Select Page

Audio Delight

Audio Delight

With the click of a mouse, Mary Celestia Parler’s voice filled the Helen Robson Walton Reading Room at Mullins Library.

“The next, [song] is ‘Coffee Grows on White Oak Trees,’” Parler said on the recording initially made on one of the reel-to-reel recorders that she used to collect folksongs for the Arkansas Folklore Project.

A reel-to-reel tape from the Ozark Folksong Collection | Russell Cothren, University of Arkansas

A reel-to-reel tape from the Ozark Folksong Collection | Russell Cothren, University of Arkansas

Parler made the recording at a party in 1952 in the home of Mr. and Mrs. Henry Weare in DeVall’s Bluff, Arkansas. It is included in the Ozark Folksong Collection, the largest and most complete collection of traditional music and associated materials from Arkansas and the Ozarks in the nation. The collection has recently been preserved digitally and is now available online.

The collection contains recordings of songs, tales, instrumentals, and conversations from more than 700 performers. The University of Arkansas Libraries and the Department of Special Collections recently celebrated the opening of the collection and its digital preservation with a day of festivities, including a talk by Alan Spurgeon, professor of music at the University of Mississippi, whose research often focuses on southern regional folk music.

This spring, Research Frontiers highlighted the completion of the project.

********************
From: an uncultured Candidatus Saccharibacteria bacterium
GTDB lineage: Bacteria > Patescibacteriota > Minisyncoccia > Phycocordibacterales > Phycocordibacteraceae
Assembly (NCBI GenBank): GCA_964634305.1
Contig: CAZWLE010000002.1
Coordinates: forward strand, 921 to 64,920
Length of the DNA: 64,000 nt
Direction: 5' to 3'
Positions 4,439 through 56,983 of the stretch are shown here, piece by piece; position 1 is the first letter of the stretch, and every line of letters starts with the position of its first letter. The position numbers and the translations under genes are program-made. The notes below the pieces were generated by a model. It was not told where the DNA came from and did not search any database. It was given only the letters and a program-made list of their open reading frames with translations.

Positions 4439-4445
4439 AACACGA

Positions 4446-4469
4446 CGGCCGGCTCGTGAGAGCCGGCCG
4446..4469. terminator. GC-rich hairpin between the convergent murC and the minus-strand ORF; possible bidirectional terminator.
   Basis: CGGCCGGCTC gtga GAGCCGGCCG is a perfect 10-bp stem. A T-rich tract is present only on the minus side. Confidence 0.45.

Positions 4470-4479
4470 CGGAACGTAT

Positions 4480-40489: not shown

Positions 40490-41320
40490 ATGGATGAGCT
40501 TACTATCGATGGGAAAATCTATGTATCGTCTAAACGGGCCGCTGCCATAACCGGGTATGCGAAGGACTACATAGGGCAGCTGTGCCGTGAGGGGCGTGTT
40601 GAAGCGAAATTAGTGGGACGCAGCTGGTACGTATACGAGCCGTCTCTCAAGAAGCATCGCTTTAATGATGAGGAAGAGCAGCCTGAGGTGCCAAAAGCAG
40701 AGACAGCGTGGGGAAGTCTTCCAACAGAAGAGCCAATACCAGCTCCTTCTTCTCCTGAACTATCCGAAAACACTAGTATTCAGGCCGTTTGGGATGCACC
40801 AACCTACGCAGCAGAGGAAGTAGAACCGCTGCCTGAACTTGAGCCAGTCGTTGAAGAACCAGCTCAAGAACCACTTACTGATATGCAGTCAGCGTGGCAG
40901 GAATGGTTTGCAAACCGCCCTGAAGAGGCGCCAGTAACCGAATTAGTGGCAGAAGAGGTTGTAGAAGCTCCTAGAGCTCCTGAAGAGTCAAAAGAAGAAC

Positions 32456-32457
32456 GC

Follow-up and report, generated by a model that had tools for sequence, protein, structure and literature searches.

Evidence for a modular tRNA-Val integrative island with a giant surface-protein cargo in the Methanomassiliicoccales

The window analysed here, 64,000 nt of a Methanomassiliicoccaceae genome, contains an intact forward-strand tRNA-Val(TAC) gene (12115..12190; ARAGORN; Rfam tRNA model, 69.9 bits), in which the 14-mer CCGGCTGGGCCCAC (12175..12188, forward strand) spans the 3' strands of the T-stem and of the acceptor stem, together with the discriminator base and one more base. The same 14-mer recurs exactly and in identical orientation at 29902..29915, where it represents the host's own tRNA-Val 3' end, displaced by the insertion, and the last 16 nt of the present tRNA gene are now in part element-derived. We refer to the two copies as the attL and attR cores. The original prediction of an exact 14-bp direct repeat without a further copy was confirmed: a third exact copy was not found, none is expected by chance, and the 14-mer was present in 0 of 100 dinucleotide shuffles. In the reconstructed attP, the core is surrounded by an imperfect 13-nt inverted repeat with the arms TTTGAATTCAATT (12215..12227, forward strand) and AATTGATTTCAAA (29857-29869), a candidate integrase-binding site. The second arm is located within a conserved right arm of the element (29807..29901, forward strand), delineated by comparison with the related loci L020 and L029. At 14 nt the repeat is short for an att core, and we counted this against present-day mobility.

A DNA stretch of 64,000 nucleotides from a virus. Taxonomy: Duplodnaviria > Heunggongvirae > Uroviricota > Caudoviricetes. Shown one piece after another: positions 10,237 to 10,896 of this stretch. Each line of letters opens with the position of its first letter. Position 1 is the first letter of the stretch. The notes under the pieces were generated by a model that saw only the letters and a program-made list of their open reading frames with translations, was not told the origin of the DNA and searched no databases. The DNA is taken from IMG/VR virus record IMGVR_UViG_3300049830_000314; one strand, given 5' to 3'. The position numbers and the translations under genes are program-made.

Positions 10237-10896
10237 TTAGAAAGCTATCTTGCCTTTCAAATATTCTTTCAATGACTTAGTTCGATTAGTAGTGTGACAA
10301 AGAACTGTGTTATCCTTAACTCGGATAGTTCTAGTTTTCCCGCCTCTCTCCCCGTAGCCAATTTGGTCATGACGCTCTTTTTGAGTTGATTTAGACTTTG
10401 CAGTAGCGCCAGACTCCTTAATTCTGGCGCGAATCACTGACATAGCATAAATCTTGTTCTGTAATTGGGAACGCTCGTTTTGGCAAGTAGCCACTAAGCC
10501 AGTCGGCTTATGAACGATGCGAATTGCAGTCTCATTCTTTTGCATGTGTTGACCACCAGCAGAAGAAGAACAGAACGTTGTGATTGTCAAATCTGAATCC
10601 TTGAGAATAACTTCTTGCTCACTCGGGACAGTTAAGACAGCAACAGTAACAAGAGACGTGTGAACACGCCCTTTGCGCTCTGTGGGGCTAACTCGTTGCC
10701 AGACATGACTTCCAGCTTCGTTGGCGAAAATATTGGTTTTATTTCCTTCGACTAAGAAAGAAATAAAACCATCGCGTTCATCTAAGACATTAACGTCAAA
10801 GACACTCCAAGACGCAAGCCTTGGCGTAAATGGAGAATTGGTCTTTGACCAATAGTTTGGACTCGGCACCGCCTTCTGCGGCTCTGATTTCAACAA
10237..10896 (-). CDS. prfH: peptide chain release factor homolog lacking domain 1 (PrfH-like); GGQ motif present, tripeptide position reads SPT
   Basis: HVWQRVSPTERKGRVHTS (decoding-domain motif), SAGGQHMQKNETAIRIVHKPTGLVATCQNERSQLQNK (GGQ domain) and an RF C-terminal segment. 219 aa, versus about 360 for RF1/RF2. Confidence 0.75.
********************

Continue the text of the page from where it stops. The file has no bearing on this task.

“A lot of these songs have not been written about or studied carefully,” said Spurgeon, who holds a master’s degree from the U of A. He is the author of Waltz the Hall: The American Play Party.

Here is a sampling of songs from the collection that Spurgeon included in his remarks:

“Black Jack Davy”

Mary Jo Davis (accompanied by her sister on the guitar)

Fayetteville, Arkansas

Feb. 25, 1950

“Frog Went A-Courtin’”

May Kennedy McCord

Springfield, Missouri

Sept. 16, 1950

“Down in Arkansas”

Bill and “Toby” Baker

St. Paul (Arkansas) Fall Festival

Oct. 31, 1958

Spurgeon ended by playing a version of “False Lamkin,” a song about the supernatural that he considers the “scariest” he’s ever heard (hint: it gets bloody). The performance was recorded in 1957 by Jane Robinson, one of Parler’s U of A students and recorded at the university, presumably in Old Main.

A selection of images in the Arkansas Folklore Collection can be found here.

About The Author

Chris Branam writes about research and economic development at the University of Arkansas. His beats include the Arkansas Research and Technology Park, the Department of Biological Sciences and the Department of History.

Looking for an expert?

The University of Arkansas Campus Experts website is a searchable database of experts who can talk to the media on current events.

Trending Topics:
Arkansas politics
Digital privacy
Sexual assault

Leading Change, Changing Lives

Connect with Us